Once upon a time, there was a woodcutter.
He was poor, but he was honest. And hardworking. Every day he used to go to the woods to cut the wood. He used to sell the wood in the market and make his living. He had a good wife, lovely children and the raconteur would like to believe that he and his family lived happily ever after....
It is not that easy. The poor and honest woodcutters who used to live once upon a time do not normally live happily ever after. Soon something has to happen to them. The fate always want to intervene to test their honesty.
One day, while cutting wood, his axe fell in the river.
Of course it fell into the river because it was loose. The woodcutter hadn't bothered to maintain his tools before venturing on day's work. Absolute incompetence....
But that is real life, in the story he is a poor and honest and hardworking woodcutter...
Not knowing what to do, he prayed to the river goddess.
In those days, if you pray to river goddess, she will somehow pop out of the river. So, as expected, out popped a river goddess.
"What happened my dear child?" asked the goddess gently. In all probability the river goddess was much younger to him, but she is a goddess and he is a human. So she will call him child. Who can question the wisdom of the gods ?(and goddesses, in this case).
"My axe fell in the river. Can you get it out for me?" pleaded the woodcutter.
Immediately she went under water and came out with a golden axe.
"Is it your axe?" She asked him. Being honest, he replied no.
The scene was repeated with goddess coming out with a silver axe and again he told her it was not his axe.
Third time she came out with his axe which the woodcutter recognized.
The river goddess was very pleased with the woodcutter's honesty and presented him with all the three axes.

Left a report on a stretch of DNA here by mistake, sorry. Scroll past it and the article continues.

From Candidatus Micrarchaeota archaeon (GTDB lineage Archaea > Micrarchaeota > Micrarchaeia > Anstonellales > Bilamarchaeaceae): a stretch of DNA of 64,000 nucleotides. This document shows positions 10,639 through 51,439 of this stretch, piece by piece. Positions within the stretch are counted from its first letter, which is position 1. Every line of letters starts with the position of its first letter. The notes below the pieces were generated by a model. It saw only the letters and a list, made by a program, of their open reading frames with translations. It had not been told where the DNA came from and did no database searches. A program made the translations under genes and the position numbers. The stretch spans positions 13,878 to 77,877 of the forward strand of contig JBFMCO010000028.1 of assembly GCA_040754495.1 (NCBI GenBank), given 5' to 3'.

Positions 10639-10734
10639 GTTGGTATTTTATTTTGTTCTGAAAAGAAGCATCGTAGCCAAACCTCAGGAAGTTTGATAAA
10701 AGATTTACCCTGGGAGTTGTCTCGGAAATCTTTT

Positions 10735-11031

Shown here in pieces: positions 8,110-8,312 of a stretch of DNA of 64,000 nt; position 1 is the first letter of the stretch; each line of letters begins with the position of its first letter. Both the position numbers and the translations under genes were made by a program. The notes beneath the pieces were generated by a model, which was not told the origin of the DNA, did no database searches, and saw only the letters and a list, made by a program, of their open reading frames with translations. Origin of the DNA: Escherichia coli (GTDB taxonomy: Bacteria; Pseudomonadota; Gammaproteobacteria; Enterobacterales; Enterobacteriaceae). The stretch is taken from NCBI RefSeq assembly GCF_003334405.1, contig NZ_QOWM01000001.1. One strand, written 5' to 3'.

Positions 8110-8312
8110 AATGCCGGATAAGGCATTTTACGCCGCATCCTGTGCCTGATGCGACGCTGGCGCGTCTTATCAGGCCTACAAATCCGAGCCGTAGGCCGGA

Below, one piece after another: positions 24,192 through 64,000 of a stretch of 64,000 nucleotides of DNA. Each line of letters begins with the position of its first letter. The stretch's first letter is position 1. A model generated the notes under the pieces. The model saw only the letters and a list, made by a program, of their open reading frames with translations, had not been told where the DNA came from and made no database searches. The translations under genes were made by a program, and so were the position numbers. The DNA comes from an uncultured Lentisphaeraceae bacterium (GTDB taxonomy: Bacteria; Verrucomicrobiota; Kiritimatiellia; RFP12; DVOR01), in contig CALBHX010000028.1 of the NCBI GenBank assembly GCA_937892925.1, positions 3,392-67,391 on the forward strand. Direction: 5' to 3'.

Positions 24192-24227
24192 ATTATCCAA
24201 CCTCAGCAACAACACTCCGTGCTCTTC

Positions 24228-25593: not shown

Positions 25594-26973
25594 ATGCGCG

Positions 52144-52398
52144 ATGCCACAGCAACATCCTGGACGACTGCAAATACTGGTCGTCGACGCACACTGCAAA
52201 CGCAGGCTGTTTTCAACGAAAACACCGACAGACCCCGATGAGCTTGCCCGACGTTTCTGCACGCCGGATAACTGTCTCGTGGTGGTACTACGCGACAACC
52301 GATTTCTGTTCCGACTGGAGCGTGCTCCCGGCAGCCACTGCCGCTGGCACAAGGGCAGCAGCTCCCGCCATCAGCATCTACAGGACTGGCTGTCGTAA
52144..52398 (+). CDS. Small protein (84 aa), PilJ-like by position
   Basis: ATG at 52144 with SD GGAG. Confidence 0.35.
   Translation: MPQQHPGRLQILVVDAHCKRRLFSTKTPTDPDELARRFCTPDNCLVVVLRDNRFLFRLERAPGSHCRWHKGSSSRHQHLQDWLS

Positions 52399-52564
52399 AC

It would have been good to tell that the woodcutter went back home, sold the golden and silver axes and with the money lived happily ever after.
But that is not how it happens in real life. Especially if you are a married man. Even if you are happily married, as in the case of our woodcutter.
The wife invariably tend to have other ideas.
In this case, she wanted to see the exact location where the axe fell. So the woodcutter took her to the woods to see the exact spot where his axe had fallen.
She bent down by the side of the river to touch the water and toppled over due to top heaviness...
Wood cutter again prayed to the river goddess to restore his wife.
The river goddess went underneath and came out with Aishwariya Rai.
"Is this your wife?" The goddess asked. Of course, it was a rhetorical question. Of course, she knew that the woodcutter will say no. After all, isn't he a honest woodcutter?
In a man's life, the honesty that he applies to his axes do not work the same in the case of beautiful ladies. The rules are different.
"Yes", the woodcutter replied.
The river goddess was angry. "I thought you were a honest man. How can I trust these men?" she spoke bitterly.
"Goddess, please listen to me", prayed the woodcutter, "I have my reasons for saying that this is my wife." (of course, you have your reasons, my dear man. After all, if it is Aishwarya Rai, every man has his reasons)
"It better be good" warned the bitter goddess.
"You see, if I say no, you will go down and come up with Mallika Sherawat. Again when I say no, you will come up with my wife. Now I will say yes and pleased with my honesty, you will give me all the three women. I am struggling to put up with one, how will I manage three?"
The goddess was pleased with the reason, and gave him Aishwarya Rai for keeps..
End of story. Not yet. Every story has to have a moral or a question. In this case, a question.
The question is, what is the name of the wood cutter?
It is Abhishek Bacchan, my dear good man. (Isn't Aishwarya Rai a big clue?)